Michael Swartz "Validation Viewpoint" Co-Editor Michael E. Swartz is Research Director at Synomics PharmaceuticalServices, Wareham, Massachusetts, and a member of LCGC's editorial advisory board.

Ira S. Krull "Validation Viewpoint" Co-Editor Ira S. Krull is an Associate Professor ofchemistry at Northeastern University, Boston, Massachusetts, and a member of LCGC's editorial advisory board.

The columnists regret that time constraints prevent them from responding to individual reader queries. However, readers are welcome to submit specific questions and problems, which the columnists may address in future columns. Direct correspondence about this column to "Validation Viewpoint," LCGC, Woodbridge Corporate Plaza, 485 Route 1 South, Building F, First Floor, Iselin, NJ 08830, e-mail


(1) M. Swartz and I.S. Krull, LCGC 25(8), 718–724 (2007).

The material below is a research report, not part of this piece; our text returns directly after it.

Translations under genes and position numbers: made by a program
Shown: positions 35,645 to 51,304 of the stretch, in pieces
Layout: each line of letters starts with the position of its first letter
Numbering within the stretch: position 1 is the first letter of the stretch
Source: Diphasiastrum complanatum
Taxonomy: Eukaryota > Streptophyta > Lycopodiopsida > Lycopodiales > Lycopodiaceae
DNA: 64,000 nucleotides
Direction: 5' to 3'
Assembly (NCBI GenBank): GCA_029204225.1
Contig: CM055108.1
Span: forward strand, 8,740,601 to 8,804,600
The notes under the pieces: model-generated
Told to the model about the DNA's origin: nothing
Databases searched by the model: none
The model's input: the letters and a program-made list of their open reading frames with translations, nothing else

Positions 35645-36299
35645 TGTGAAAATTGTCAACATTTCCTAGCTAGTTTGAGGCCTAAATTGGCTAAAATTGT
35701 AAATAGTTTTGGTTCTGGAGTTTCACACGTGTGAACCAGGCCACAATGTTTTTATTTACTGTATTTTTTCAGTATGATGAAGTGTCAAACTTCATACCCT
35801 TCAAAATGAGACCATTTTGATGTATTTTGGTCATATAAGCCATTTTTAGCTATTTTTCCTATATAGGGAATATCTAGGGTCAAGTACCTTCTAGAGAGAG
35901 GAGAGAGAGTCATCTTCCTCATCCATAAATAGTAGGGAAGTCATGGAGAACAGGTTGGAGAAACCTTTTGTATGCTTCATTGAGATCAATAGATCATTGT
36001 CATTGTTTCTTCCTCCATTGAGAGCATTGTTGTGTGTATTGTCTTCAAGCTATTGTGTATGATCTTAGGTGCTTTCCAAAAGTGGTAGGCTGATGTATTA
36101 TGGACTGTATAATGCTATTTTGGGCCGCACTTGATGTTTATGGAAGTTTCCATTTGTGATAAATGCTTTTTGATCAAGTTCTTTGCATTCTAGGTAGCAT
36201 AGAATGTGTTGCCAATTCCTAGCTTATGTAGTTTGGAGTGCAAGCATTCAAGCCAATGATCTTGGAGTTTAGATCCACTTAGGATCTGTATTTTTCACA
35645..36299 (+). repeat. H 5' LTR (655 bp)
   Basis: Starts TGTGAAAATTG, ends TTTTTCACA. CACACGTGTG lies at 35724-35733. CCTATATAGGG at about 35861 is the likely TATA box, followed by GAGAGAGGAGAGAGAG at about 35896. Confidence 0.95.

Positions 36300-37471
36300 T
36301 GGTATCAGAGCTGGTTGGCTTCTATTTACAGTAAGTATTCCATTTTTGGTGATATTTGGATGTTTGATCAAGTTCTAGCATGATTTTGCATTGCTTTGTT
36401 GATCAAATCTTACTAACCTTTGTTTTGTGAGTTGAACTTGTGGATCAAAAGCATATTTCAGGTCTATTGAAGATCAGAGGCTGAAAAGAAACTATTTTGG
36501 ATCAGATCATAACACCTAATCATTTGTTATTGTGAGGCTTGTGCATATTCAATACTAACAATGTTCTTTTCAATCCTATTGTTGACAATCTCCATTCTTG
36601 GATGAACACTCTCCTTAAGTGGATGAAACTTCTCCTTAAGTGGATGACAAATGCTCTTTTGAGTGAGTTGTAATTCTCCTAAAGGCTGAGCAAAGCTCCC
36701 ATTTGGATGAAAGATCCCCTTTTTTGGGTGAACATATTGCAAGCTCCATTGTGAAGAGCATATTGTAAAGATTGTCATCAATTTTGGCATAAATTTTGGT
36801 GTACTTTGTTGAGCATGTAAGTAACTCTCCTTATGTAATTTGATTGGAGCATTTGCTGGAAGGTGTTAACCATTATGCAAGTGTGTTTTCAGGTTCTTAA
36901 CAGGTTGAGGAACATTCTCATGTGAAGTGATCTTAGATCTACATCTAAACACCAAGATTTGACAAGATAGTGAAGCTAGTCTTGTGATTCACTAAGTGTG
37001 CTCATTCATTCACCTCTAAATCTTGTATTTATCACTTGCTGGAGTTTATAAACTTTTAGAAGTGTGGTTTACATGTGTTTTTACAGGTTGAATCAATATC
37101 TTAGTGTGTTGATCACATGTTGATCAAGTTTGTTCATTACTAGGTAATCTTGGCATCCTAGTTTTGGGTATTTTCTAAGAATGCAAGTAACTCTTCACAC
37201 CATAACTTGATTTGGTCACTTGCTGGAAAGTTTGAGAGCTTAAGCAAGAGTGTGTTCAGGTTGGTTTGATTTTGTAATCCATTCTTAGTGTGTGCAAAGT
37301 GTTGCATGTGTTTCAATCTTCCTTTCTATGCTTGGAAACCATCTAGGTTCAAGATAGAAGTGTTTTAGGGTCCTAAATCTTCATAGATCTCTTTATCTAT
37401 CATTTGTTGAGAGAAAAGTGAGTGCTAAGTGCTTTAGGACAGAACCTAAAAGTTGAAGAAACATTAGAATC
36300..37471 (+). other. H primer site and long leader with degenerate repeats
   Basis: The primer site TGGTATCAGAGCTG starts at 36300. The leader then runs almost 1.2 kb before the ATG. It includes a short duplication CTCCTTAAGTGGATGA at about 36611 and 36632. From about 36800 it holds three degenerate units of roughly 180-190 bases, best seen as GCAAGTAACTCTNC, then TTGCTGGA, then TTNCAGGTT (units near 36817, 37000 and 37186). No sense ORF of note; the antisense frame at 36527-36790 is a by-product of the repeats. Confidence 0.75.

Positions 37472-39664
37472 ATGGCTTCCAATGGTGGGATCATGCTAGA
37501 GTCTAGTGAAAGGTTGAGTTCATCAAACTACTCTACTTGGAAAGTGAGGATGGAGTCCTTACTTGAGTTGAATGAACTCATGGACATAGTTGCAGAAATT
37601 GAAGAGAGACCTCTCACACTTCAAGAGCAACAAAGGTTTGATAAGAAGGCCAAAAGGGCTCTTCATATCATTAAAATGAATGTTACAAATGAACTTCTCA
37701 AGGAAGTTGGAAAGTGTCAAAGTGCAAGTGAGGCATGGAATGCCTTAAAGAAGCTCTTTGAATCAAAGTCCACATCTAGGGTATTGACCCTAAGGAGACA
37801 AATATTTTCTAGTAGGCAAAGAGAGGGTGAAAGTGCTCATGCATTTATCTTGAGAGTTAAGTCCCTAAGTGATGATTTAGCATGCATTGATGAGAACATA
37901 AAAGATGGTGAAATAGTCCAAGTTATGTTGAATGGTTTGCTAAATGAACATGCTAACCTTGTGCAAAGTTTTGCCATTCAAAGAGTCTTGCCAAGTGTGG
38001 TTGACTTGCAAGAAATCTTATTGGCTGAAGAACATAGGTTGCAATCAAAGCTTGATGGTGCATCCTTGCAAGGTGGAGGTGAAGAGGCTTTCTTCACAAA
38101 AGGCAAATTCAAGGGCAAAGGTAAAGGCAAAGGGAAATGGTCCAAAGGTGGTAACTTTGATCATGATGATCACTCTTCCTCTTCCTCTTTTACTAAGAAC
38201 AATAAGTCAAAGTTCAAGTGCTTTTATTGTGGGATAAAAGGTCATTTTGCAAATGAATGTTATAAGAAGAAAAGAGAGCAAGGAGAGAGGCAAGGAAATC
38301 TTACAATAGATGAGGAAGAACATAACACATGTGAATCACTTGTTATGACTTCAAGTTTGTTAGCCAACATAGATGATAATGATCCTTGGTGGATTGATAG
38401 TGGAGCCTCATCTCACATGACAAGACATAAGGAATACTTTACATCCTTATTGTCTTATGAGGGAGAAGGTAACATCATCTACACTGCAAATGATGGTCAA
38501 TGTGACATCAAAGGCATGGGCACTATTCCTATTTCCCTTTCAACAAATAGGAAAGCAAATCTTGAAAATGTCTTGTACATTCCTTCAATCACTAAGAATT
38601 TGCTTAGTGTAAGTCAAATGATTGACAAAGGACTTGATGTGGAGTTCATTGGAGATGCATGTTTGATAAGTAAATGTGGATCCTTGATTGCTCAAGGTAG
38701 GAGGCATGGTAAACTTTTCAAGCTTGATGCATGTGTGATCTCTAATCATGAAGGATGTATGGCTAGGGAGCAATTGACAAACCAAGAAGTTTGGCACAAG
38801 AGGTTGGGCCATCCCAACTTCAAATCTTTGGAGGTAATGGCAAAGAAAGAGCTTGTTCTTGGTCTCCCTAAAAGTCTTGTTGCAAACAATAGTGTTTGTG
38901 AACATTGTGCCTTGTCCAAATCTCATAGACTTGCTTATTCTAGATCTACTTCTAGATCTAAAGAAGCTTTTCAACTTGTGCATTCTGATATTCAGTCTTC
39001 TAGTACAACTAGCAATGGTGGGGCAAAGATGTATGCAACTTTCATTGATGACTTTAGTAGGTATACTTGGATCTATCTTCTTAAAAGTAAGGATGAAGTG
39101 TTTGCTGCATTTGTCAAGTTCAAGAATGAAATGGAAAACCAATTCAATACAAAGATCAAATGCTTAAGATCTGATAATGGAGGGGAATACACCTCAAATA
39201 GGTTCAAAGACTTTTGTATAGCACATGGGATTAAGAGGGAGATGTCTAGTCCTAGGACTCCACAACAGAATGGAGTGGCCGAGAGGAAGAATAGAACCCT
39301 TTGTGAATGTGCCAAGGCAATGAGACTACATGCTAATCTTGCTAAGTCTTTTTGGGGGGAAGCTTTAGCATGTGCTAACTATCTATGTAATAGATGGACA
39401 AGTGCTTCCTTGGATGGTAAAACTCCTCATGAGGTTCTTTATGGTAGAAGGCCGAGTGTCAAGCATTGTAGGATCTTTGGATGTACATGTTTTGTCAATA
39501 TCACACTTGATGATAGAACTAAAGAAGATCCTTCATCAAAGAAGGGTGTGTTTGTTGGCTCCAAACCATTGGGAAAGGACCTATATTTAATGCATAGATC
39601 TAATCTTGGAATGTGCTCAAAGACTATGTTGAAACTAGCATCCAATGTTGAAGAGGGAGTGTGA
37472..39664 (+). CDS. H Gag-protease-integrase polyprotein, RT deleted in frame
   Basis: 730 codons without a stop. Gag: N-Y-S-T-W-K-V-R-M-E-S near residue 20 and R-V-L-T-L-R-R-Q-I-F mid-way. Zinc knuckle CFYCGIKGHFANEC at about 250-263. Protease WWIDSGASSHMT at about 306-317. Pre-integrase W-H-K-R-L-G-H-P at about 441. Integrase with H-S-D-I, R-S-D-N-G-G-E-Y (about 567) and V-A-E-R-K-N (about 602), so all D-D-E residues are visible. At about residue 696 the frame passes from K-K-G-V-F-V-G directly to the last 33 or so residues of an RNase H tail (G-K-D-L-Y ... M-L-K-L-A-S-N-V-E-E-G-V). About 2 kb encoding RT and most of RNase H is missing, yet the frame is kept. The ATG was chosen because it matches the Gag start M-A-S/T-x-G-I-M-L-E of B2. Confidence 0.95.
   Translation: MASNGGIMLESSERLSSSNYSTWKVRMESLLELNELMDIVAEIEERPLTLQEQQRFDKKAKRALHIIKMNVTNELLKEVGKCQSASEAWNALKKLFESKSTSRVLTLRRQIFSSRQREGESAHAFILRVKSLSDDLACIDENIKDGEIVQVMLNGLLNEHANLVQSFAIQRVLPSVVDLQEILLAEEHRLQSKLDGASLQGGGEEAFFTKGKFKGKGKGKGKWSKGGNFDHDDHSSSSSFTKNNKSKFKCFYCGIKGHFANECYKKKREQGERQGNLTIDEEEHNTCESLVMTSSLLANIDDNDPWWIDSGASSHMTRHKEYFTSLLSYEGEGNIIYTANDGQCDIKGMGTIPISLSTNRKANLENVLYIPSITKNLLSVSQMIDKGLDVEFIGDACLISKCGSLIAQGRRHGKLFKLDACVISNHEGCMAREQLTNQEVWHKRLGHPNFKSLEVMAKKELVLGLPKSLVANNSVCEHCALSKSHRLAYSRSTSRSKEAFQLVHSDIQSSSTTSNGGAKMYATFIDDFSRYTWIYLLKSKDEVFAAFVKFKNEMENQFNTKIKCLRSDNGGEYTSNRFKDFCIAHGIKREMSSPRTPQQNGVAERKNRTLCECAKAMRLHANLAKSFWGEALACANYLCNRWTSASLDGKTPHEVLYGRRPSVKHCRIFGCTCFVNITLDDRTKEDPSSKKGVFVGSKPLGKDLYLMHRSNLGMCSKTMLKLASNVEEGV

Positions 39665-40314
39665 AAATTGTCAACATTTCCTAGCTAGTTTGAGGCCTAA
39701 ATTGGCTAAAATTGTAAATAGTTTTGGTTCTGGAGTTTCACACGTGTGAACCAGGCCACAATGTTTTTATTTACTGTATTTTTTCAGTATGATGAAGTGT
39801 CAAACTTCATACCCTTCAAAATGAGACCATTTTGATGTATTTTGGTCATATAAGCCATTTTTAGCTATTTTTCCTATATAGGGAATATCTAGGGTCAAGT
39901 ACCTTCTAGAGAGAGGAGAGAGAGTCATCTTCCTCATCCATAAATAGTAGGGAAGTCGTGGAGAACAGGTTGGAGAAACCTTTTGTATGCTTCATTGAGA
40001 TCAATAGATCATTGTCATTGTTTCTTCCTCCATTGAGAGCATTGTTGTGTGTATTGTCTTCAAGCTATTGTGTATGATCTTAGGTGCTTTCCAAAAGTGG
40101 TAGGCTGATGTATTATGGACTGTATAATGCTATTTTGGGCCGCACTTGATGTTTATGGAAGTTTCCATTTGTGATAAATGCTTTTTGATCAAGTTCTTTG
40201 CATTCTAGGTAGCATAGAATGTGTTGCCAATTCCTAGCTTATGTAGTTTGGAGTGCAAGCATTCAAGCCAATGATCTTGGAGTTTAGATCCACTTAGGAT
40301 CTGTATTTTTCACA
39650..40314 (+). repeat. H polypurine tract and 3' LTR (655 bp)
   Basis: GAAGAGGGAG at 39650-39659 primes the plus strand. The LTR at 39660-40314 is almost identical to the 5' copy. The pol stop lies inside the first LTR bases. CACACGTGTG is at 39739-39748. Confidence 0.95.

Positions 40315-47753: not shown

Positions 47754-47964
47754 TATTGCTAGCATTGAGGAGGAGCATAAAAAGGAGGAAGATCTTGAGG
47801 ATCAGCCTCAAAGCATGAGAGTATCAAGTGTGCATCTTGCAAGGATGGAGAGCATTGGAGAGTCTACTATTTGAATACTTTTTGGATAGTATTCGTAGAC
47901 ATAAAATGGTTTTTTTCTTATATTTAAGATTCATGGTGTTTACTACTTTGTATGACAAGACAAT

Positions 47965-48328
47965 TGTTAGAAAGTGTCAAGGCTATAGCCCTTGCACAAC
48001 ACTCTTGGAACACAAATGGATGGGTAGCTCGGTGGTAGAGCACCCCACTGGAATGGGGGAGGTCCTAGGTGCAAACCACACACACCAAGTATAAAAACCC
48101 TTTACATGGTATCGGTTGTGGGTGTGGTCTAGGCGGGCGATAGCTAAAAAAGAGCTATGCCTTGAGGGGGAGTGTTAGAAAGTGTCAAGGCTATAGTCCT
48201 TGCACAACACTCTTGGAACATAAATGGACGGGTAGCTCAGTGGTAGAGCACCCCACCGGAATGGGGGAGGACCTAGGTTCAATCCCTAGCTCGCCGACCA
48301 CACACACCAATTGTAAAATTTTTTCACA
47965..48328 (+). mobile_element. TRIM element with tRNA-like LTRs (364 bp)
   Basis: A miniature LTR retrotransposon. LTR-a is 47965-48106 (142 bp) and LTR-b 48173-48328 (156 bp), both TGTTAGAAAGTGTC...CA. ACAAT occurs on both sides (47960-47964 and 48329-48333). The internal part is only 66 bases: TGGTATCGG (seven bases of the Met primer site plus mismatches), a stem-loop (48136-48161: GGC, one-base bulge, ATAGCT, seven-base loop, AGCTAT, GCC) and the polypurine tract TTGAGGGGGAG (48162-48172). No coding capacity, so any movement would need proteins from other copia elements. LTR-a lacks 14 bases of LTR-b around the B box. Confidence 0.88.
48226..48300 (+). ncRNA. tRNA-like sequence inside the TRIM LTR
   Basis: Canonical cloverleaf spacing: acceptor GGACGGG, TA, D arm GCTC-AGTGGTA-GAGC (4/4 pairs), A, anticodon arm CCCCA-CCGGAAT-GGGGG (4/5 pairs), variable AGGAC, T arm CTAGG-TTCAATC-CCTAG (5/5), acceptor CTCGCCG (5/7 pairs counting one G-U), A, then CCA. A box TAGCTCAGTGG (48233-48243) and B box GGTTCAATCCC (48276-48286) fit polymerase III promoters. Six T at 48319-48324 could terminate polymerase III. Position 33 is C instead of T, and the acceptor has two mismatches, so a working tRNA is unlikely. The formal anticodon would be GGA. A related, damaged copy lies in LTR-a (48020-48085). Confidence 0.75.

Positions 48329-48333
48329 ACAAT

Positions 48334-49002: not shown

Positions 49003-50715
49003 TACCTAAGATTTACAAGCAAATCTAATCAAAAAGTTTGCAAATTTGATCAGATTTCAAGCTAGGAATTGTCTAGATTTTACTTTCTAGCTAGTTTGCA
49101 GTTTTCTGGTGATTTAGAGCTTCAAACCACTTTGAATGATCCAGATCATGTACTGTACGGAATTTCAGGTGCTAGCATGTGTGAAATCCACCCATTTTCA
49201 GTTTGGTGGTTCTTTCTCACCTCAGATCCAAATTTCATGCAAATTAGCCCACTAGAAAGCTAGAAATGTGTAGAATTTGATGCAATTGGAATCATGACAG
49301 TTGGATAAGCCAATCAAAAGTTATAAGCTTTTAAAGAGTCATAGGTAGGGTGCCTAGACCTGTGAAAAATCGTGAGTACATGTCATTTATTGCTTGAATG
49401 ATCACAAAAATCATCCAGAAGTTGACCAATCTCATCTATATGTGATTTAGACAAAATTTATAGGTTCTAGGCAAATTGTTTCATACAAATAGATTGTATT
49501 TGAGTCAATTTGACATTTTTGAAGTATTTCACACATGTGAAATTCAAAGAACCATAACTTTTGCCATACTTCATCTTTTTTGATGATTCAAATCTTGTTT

(2) I.S. Krull and M.E. Swartz, The Pharmaceutical Regulatory Guidance Book, 18-23 (July 2006).

(3) M.E. Swartz and I.S. Krull, LCGC 25(12), 1196–1201 (2007).

(4) I.S. Krull, P.T. Kissinger, and M. Swartz, LCGC 26(11), 110–1117 (2008).

(5) I. Apostol. Private communication (January 2009).

(6) International Conference on Harmonization (ICH), website:

(7) US Food and Drug Administration, Guidance for Industry-Analytical Procedures and Method Validation, 2000.

(8) ICH Harmonised Tripartite Guideline, Specifications: Test Procedures and Acceptance Criteria for Biotechnological/Biological Products, March, 1999.

(9) I. Apostol and D.N. Kelner, BioProcess Int., 12–20 (2008).